Hurricane Relief? Puerto Rico government officials are scheduled to meet at the White House this week to discuss a possible, temporary modification of the Jones Act (as opposed to the Jones-Shafroth Act) to create a five-year administrative exemption in U.S. cabotage statutes, amendments to allow maritime transportation of natural gas between the mainland and Puerto Rico on non-US ships. The Merchant Marine Act of 1920, also known as the Jones Act, provides for the promotion and maintenance of the U.S. merchant marine–§27 of the Act addresses cabotage, as opposed to cottage cheese: it provides for the regulation of the U.S. merchant marine and the regulation of maritime commerce in U.S. waters and between U.S. ports, mandating that all goods transported by water between U.S. ports be carried on U.S. flag ships, constructed in the United States, owned and crewed by U.S. citizens and U.S. permanent residents. Under the cabotage laws, the maritime cargo between U.S. ports and Puerto Rico must be accomplished in U.S. owned, registered, and crewed boats—that is, at a much greater than free market cost. A temporary administrative exemption, such as the one proposed by Puerto Rican leaders, would have to be granted “in the interest of the national defense” of the U.S., according to a 2013 report from the Government Accountability Office. The protectionist statute means the cost of providing relief to Puerto Rico in the wake of Hurricane Maria was far greater than for other Caribbean nations. Now, the Puerto Rico Electric Power Authority (PREPA), and Puerto Rico Senate Vice President appear hopeful that the U.S. territory and the Southern States Energy Board, a potent combination of the governors of 16 states, Puerto Rico, and the U.S. Virgin Islands, might be able to gain an exemption in these discriminatory cabotage laws, with a meeting scheduled next week at the White House to promote the idea that international vessels could also transport natural gas products between U.S. ports and Puerto Rico.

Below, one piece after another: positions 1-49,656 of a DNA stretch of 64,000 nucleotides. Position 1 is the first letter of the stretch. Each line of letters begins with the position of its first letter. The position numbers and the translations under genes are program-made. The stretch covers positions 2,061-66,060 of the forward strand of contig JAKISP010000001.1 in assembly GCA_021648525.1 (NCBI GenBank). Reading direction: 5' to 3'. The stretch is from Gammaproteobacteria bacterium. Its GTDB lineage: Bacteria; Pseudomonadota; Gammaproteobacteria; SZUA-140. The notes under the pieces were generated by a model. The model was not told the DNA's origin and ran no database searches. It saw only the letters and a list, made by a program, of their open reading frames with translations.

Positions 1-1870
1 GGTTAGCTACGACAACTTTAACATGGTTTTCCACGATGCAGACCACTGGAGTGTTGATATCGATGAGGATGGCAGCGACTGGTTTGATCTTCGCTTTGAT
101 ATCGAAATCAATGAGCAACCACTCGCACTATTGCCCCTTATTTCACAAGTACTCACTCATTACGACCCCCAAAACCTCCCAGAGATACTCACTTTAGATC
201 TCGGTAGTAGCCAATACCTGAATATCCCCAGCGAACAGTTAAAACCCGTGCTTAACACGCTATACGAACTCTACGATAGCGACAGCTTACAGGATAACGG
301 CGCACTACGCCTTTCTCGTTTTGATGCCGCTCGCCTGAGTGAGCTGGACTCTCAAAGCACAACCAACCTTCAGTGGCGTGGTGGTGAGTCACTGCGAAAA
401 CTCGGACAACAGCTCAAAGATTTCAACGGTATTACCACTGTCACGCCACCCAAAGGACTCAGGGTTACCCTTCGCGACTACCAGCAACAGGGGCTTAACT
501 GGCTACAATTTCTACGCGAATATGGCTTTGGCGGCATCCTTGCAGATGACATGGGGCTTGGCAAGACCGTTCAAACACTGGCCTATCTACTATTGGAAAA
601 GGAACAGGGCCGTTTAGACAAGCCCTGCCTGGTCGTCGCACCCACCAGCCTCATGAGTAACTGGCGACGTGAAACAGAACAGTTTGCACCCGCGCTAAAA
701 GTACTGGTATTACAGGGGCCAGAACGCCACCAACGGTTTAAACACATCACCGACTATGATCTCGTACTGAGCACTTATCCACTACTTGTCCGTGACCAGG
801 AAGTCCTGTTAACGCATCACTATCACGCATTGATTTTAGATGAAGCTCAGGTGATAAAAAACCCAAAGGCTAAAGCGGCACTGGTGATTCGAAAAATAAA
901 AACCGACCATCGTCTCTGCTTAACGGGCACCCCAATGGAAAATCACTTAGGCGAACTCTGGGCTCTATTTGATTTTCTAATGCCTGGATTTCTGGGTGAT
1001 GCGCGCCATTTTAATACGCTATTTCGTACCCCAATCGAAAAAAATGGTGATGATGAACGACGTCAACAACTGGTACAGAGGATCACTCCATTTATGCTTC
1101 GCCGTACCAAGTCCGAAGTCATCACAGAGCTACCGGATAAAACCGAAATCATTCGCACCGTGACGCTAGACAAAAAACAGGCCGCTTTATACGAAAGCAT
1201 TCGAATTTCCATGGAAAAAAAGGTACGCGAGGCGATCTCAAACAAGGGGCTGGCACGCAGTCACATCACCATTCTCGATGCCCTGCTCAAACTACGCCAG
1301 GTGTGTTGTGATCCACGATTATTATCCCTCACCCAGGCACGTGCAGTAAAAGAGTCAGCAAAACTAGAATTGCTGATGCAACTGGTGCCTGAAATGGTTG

Unsurprisingly, the concept has the support of the Southern States Energy Board, which brings together 16 Republican governors along with the Democrats of the U.S. Virgin Islands and Puerto Rico, and proposes a more comprehensive exemption, to include all energy products. During their September 16-18 meeting in Biloxi, Mississippi, the Southern States Energy Board anticipates considering a resolution by Arkansas State Senator Gary Stubblefield (R-Branch, Arkansas) seeking to have President Trump issue an Executive Order granting a 10 year exemption in the transportation of energy products between Puerto Rico and the mainland—and urging the Congress to enact a permanent waiver.